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Code that translates code into other code. Third time's a charm.


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HotKey's Amphibious Universal Language Version 3


The goal of HAUL is to have a piece of code that can translate itself into any other language. On its journey it can -of course- translate other source code as well.

Hello HAUL

These kinds of programs are nothing new and nothing too special. Every programmer should have tried this at least once themself. (See also: Transpiler, Quine, LLVM, etc.) Well, this is just my own approach at that. And I am having fun.

This project is in no way intended for any productive use. It's food for thought. An elaborate toy. Art and fart.

Have fun with it and compile responsibly.



Features and Limitations

  • This version can not yet translate its own source, but it's getting very close. At the moment there are quite some "pythonic" statements used in the parser; so they either have to be eliminated or implemented in the language parser as well... translate most of its own source, but there is still room for stability improvements
  • Finally, HAUL3 is using a proper AST structure, which allows output languages that vastly differ from scripting languages, e.g. JSON or Assembly.
  • The source language is now valid (subset of) Python, eliminating the "chicken-egg-problem" of the previous versions. No more bootstrapping needed.
  • This is the most object-oriented approach yet. Much easier to comprehend than the previous versions, but also much more complex and powerful. Finally: Real classes, namespaces, imports, libraries, ...
  • Working goodies: Type inference, class inheritance, library imports
    • Pro: Pretty easy to add new output languages and features.
    • Con: High memory consumption (keeps a lot of structures in RAM), so it may be hard to run a big compilation on a C64...
  • HAUL3 adds the concept of "builders". A builder can translate code into another language and package it for a certain hardware platform. This means, for example, one-click deployment to a PalmOS device :-)


Initially, the language was called "HAL", which stood for HotKey's Average Language and, of course, paid tribute to the computer in 2001: A Space Odyssey, as it also was a system that was seemingly running everywhere. But after a while I found that to be just too cheesy. Also, "HAL" is also something completely different already.

With version 3 I changed to "HAUL" which should create the mental image of hauling blocks of code to a different place.

While the language of the old versions was "average" by design, meaning that the language reflects the average functionality of all languages they can translate to, this is not true with version 3 any more. So I changed it to "amphibious", which stems from the two-fold nature of the source code being a runnable program and a blueprint at the same time. Also, it sounds nice and wacky.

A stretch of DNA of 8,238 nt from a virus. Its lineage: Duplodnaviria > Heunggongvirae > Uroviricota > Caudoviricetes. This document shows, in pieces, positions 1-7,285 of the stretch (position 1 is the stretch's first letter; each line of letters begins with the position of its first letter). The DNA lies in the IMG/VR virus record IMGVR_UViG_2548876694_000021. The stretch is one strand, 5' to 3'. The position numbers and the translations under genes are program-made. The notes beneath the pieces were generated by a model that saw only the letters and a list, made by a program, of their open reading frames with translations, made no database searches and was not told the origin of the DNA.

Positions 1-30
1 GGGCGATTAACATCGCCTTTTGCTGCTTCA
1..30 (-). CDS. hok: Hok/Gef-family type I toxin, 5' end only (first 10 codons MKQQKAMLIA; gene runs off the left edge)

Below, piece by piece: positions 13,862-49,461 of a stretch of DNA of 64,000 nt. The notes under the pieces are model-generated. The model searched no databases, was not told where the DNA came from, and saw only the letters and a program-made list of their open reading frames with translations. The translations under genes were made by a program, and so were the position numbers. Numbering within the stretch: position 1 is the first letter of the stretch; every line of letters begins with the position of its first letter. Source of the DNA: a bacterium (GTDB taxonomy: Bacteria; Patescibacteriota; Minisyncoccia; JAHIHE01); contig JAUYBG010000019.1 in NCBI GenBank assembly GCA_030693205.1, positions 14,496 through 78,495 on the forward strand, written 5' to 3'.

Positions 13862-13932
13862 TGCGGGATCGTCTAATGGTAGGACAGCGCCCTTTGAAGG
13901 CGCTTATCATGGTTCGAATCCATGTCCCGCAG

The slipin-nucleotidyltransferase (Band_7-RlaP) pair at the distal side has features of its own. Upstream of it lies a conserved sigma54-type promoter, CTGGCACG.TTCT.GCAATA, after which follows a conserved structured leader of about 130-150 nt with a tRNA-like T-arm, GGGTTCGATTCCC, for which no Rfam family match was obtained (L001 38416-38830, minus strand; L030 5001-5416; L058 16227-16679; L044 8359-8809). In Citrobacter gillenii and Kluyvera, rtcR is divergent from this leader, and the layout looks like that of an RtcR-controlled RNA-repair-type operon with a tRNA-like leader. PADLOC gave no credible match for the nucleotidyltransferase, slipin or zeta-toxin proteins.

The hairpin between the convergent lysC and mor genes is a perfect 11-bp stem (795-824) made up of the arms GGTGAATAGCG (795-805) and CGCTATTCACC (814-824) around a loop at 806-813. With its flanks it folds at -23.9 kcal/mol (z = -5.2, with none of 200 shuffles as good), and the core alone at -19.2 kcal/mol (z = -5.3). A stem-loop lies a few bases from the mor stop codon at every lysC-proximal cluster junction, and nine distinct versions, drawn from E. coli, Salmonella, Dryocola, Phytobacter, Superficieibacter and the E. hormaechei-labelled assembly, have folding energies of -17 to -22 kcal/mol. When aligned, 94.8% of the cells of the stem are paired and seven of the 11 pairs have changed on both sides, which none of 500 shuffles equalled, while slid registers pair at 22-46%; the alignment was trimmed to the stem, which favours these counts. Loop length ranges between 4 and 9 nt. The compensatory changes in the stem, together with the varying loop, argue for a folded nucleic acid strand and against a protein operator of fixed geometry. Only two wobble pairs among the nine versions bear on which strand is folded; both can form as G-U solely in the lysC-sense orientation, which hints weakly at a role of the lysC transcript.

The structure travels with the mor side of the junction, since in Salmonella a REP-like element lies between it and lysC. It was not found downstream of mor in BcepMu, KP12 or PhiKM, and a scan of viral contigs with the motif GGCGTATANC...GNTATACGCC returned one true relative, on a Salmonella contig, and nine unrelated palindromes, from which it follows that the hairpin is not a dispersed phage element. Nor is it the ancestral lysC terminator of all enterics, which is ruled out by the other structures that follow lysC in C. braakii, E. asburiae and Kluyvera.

• This third version was started in early 2013 after feeling the need for a real AST structure
  • It is based on HAUL2 which did not use a dedicated lexer/parser/AST. It was therefore much simpler and limited.
  • If you are curious for the origins of this project, then have a look at the nasty PHP based first version HAUL1.


None. Just download it.


None. That would defeat the purpose. It's all self-contained.

The builders, however, require their own platform-dependent tool chains (see tools directory). The goal is, of course, to get rid of any external dependency in the long run.


  • Write your code in HAUL3 (which is valid python). You may need to annotate types where inference is not possible. Use either Python3 style colons or #@var NAME TYPE annotations for that. The latter ensures Python 2 compatibility.
  • Use to translate code into the desired target language.
  • Use to also compile/bundle/package/test the file on different architectures. This, unfortunately, requires external tools (QEMU, gcc, SDKs), which I regard a bit like cheating.
  • Use to play around with different languages and debug (requires wx).


Directory Structure

  • haul holds the main source code, including the parser(s) and builders
  • data holds language/platform specific data, e.g. native libraries or resources
  • examples holds some example code, ready to be translated to any other language
  • tools holds external tools that are needed for some builders, e.g. emulators, compilers and SDKs

Known issues:

  • Conditions must be surrounded by brackets or they might be misinterpreted
  • Precedence can be off. Use brackets to make things clear.
  • not is not yet implemented. Use != instead for now.
  • += is not working. Write it out. Sorry.
  • Comments at the same line of a colon may break the current block. Try keeping those comments in a new line in these cases.
  • When using "monolithic" mode, you may get "undefined id" for id's that are declared later in the same file. You may use annotations to do a forward declaration.